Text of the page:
A few days ago, I still had not made a decision on whether I’d be staying home from work and school on Monday, May 1st. The decision didn’t come easily despite years of activism around immigrants’ rights and an academic interest in immigrant students.
I realized that I wasn’t the only one feeling this way. My roommate, a teacher at a LAUSD high school hadn’t decided when we spoke about the topic on Thursday night. She was unsure about skipping out on the first day of classes when she returns for B track. I didn’t want to skip work after a short week at a new job. We also both knew that our jobs — positions that require advanced degrees — are not the types where most immigrants from Latin American are concentrated. It’s easy to go a day without spending, but not teaching or working with students didn’t come easy. I’ve read other Latina/o bloggers who are also conflicted. They are all educators and feel that the education of their students will also contribute to the boycott and overall goal of empowering Latinas/os.
Although I respect decisions to go to work, I know that I had to change my mind. I thought of my grandparents who came here with several children in hopes of a better life. Although my parents and their families did not come as undocumented immigrants, I know well that I have a number of extended family members and good friends who do not have that privilege. I considered the day I walked through UCLA’s main thoroughfare, Bruin Walk, observing a D√≠a de los Muertos display of crosses set up in remembrance of men and women how had died crossing the US-Mexico border. It all seemed rather abstract considering most of the people close to me are not immigrants and have not had to sneak across the border. Well, it was abstract until I read a cross with “____ Mosqueda, Guanajuato, Mexico.” I can’t remember the first name. I know it was a common name, probably Jos√©, Jes√∫s or Juan. But the last name and state of origin struck me. This man (or boy?) who shared my name and home state in Mexico had died in the harsh territory separating the country my family came from and the country in which I live.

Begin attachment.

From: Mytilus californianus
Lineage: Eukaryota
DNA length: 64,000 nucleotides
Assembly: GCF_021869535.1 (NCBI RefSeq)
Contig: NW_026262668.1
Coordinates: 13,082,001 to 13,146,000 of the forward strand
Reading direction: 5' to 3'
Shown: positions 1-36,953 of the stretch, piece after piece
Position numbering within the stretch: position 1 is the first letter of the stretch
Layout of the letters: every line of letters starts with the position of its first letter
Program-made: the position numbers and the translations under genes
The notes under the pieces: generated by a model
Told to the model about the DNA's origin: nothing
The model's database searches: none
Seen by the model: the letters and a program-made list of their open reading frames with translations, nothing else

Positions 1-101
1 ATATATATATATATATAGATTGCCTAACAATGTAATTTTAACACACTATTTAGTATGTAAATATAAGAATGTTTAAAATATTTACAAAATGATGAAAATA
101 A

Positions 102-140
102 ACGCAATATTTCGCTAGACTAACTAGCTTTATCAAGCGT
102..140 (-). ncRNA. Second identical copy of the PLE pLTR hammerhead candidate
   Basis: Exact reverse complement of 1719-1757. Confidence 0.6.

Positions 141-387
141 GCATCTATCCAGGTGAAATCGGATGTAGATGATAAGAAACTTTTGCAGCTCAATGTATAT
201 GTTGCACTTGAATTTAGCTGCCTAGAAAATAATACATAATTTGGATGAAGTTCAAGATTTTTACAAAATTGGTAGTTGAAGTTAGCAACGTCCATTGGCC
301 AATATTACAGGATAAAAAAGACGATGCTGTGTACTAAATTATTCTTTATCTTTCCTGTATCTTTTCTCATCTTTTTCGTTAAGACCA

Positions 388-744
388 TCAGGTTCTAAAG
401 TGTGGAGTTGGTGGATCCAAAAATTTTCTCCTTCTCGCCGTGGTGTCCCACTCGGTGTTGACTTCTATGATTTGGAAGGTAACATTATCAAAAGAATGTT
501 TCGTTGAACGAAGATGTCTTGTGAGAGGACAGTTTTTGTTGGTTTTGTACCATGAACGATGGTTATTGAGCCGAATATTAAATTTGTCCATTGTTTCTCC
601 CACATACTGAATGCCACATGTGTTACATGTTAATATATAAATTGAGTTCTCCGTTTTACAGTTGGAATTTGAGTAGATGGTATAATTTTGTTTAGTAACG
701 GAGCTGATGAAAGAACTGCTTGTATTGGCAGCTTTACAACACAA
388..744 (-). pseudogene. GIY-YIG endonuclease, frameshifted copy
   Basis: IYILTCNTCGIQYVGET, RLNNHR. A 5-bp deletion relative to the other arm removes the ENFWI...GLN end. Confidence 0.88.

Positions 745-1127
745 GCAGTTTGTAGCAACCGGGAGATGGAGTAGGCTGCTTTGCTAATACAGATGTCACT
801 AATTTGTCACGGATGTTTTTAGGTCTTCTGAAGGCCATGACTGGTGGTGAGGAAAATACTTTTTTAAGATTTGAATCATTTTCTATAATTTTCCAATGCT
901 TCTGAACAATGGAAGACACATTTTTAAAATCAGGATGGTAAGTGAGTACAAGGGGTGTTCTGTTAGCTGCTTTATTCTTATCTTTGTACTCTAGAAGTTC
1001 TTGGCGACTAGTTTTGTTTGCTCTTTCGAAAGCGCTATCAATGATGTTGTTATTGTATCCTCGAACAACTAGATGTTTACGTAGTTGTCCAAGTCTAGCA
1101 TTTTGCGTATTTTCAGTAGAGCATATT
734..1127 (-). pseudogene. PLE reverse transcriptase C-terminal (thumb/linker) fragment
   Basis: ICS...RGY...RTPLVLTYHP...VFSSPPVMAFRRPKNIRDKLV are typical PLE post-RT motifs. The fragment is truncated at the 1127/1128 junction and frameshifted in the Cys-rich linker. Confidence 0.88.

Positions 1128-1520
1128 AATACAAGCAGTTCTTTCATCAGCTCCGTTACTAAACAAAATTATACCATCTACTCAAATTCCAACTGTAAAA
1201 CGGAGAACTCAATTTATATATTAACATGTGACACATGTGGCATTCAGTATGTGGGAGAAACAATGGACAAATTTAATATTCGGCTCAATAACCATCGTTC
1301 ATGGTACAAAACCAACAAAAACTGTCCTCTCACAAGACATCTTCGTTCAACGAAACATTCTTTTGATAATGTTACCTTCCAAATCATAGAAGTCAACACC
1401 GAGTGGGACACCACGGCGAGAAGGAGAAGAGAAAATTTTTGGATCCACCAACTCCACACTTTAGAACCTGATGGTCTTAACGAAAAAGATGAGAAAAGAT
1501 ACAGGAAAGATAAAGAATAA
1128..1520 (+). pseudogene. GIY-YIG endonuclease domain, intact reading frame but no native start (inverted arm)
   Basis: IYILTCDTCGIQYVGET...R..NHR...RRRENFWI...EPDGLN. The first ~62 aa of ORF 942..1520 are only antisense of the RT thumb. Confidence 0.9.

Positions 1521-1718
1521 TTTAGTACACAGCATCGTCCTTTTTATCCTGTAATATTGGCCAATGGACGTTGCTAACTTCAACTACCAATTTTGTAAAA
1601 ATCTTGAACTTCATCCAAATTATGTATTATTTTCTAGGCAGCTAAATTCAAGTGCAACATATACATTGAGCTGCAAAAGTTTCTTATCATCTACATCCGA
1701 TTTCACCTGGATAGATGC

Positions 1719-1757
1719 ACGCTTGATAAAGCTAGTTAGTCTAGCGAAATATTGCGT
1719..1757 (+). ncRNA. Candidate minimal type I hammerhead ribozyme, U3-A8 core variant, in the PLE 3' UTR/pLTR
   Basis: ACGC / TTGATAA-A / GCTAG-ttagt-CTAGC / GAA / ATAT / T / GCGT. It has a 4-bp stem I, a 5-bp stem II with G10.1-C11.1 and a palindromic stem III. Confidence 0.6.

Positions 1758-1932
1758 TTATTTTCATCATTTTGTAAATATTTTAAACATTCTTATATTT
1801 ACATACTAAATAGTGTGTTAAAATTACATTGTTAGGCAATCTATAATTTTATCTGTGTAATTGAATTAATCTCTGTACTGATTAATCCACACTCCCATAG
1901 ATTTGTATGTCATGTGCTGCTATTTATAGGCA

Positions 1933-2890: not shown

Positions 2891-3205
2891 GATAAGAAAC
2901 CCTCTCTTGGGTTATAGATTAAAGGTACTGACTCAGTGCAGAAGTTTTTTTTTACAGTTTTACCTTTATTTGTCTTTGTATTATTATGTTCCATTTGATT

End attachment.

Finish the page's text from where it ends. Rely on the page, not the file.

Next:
My privilege as the daughter of immigrants, college student, and US citizen became incredibly clear that afternoon. It’s something I know other young Chicanas/os and Latinas/os also identify with, including C√©sar Cuauht√©moc Garc√≠a Hern√°ndez who wrote about why he would skip classes at Alternet
I will join the boycott because my privilege demands it. I am a citizen of this country, a well-educated man with a love of justice. I must speak now because the people who clean my classrooms might not be able to, because the people who prepare the restaurant dinners I eat might not be able to, because the people about whose lives Congress is debating cannot talk back except through the power of protest.
I will stand with my immigrant sisters and brothers because I recognize and value their contribution to our country. I will join the nationwide boycott because their work makes my privilege possible. I will join because, as the book of Leviticus teaches: “The stranger that dwelleth with you shall be unto you as one born among you, and you shall love him as thyself.” (Lev. 19:34).